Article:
Frustrated entrepreneur due to high attrition or turn-over rate in his business.

The Great Resignation: The Truth About This Workplace-Changing Phenomenon

Over 47 million resignations were recorded in The United States last 2021; according to the US Bureau of Labor Statistics, an unprecedented mass exit from the workforce triggered by Covid-19 is now widely referred to as the Great Resignation.

To understand the Great Resignation, we must first understand its reasons. 

The pandemic has forced many people to confront the shortcomings of their jobs. Working from home has made people realize they don’t need to be in an office to do their work and that they’d rather not commute if they don’t have to.

Work shortages are evident all around us, from groceries and clinics to restaurants and hotels: they can’t find enough new employees to replace those who have quit, causing them to reduce their hours of operation. The Great Resignation has upended the connection between workers and the labor market.

What Does the Great Resignation Mean

In the past, if you wanted a job, you had to go where the jobs were. Companies are starting to come to you nowadays with so many people working remotely. The internet has made it easier than ever for people to find new opportunities, and as a result, they are more likely to leave their current job if they’re unhappy.

A desire for greater work-life balance also drives the Great Resignation. With the pandemic forcing people to spend more time at home with their families, many have realized that they don’t need to sacrifice their personal lives for their careers. And with increasing options for flexible work arrangements, they don’t have to.

Parents have realized they can’t work and care for their children full-time. And many people have just plain had enough of the stress and anxiety that comes with working in 2020. The Great Resignation is a way for people to regain control of their lives and find more fulfilling work.

What Does the Great Resignation Mean for Employers?

The Great Resignation presents a challenge for employers. They must find ways to keep their best employees from leaving while attracting new talent. They will need to offer more flexible work arrangements and better benefits, and they will need to create a more supportive workplace culture and understanding.

The Great Resignation is also likely to lead to a shortage of workers in certain industries. This could lead to higher wages and increased competition for jobs. It could also lead to more automation and technology to replace human workers.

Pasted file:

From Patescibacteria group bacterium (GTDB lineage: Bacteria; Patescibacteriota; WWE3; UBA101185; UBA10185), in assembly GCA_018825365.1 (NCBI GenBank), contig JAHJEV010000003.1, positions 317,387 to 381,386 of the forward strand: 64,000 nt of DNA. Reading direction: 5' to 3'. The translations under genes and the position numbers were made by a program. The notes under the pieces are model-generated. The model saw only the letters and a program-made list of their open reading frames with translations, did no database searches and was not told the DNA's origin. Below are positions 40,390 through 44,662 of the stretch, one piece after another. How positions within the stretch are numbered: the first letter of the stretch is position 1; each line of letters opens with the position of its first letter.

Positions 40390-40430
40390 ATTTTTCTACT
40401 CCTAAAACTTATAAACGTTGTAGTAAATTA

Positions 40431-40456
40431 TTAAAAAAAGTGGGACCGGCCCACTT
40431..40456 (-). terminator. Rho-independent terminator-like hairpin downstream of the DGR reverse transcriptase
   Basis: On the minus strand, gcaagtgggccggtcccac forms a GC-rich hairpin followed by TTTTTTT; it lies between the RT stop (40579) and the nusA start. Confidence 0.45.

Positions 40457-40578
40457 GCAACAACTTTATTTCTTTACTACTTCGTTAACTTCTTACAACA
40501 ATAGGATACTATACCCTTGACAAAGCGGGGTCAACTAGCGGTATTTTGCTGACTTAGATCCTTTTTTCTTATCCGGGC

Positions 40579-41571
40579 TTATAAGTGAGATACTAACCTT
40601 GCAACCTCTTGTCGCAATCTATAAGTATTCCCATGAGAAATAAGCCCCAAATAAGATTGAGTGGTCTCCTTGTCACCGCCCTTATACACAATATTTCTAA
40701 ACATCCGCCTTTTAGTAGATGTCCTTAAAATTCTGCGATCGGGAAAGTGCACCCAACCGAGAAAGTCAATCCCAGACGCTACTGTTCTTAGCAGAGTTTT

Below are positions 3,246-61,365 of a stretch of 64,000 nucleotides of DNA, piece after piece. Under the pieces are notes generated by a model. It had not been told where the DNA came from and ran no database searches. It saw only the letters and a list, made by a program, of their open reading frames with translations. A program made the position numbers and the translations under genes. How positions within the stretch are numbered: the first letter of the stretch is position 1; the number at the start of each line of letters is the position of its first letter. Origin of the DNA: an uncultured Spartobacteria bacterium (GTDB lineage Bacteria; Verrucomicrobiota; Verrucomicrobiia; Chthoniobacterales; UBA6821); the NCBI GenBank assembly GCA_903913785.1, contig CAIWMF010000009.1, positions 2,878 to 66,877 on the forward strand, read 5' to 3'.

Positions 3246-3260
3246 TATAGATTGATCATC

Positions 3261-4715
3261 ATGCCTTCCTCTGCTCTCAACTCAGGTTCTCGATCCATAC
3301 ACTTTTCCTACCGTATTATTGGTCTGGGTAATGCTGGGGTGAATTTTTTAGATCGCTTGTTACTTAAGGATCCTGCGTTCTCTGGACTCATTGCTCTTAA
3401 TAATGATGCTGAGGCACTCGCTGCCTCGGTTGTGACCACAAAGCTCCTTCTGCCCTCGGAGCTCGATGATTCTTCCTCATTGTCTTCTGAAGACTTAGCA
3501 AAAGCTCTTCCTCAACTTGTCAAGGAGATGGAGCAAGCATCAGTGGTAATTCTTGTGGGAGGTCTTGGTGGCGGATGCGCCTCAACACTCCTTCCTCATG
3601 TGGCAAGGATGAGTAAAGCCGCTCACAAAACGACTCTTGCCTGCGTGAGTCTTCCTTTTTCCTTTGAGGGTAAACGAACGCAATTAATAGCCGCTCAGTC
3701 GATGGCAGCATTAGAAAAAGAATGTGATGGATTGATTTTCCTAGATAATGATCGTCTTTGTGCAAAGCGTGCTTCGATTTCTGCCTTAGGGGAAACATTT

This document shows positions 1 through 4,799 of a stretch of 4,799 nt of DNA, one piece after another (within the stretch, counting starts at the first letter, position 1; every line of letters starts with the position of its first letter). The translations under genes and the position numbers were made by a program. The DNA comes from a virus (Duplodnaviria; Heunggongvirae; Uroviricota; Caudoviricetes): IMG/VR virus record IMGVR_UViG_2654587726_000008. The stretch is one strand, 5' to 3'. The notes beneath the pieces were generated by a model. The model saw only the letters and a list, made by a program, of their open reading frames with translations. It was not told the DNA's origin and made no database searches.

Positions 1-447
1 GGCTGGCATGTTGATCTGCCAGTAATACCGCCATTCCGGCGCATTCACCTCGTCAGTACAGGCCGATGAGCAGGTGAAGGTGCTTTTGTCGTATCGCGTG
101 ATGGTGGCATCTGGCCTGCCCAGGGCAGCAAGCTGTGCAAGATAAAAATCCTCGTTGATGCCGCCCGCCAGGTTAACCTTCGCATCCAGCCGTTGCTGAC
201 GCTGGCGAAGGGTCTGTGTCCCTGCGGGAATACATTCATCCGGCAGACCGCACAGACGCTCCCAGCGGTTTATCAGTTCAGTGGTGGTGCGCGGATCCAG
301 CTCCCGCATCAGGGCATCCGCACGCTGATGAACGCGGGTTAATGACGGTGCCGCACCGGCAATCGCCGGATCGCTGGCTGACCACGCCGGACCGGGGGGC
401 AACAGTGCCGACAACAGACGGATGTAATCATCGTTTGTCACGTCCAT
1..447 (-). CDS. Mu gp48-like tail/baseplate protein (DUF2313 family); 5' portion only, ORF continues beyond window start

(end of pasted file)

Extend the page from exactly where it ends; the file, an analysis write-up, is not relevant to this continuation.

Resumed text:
The Great Resignation is a major workforce shift likely to have far-reaching consequences. Employers must adapt to the new reality, and workers must be prepared for a changing labor market.

An employee leaving while carrying a box of his belongings

The Factors Driving the Great Resignation

Undoubtedly, the Covid-19 pandemic has been the main driver of the Great Resignation. The virus has forced people to confront the shortcomings of their jobs, and many have realized that they don’t need to be in an office to do their work. Here are some factors that have led to the Great Resignation:

1. The rise of remote work

The pandemic has accelerated the trend of “working from home.” Companies are now allowing a hybrid set-up where employees can work from home some days and come into the office on others. This has given people more flexibility and control over their work lives, and many have realized they don’t need to be in an office to do their job.

2. The gig economy

The rise of the gig economy has made it easier than ever for people to find short-term or freelance work. This has given people more options for finding a job that fits their lifestyle.

3. The strong job market

The job market has been strong for the past few years, which has given people the confidence to quit their jobs and find new ones. Jobs are posted online, and many open positions are available.

Social media has made it easier for people to connect and share information. This has given people a greater sense of community and makes it easier to find support and advice from others who have gone through similar experiences.

4. The changing nature of work

Work is changing, and this is causing people to reassess their careers. The traditional 9-5 job is becoming less common, and people are looking for more flexible work with a better work-life balance.

5. The rise of AI and automation

Artificial intelligence (AI) and automation are making it easier for companies to do more with less. This leads to job losses in some sectors, but it also creates new opportunities in others.

The Great Resignation is a culmination of all of these factors. The pandemic has forced many people to confront the shortcomings of their jobs, and the strong job market has given them the confidence to quit and find new ones.

The Impact of the Great Resignation on Businesses

An employer dealing with the headache caused by high employee resignation rate

The Great Resignation is sure to have a major impact on businesses in the short and long term. In the short term, companies will need to deal with the loss of experienced employees and the increased costs associated with recruiting and training new employees. In the long term, we could see a shift in the types of jobs in demand as people seek out less stressful occupations. We could also see more employers offering flexible working arrangements and more people working from home.

Only time will tell how far-reaching the effects of the Great Resignation will be, but one thing is certain: it’s going to change the workplace as we know it.

If you want to learn more, be sure to read the other blog we have carefully created to help companies improve by finding their next great talent.

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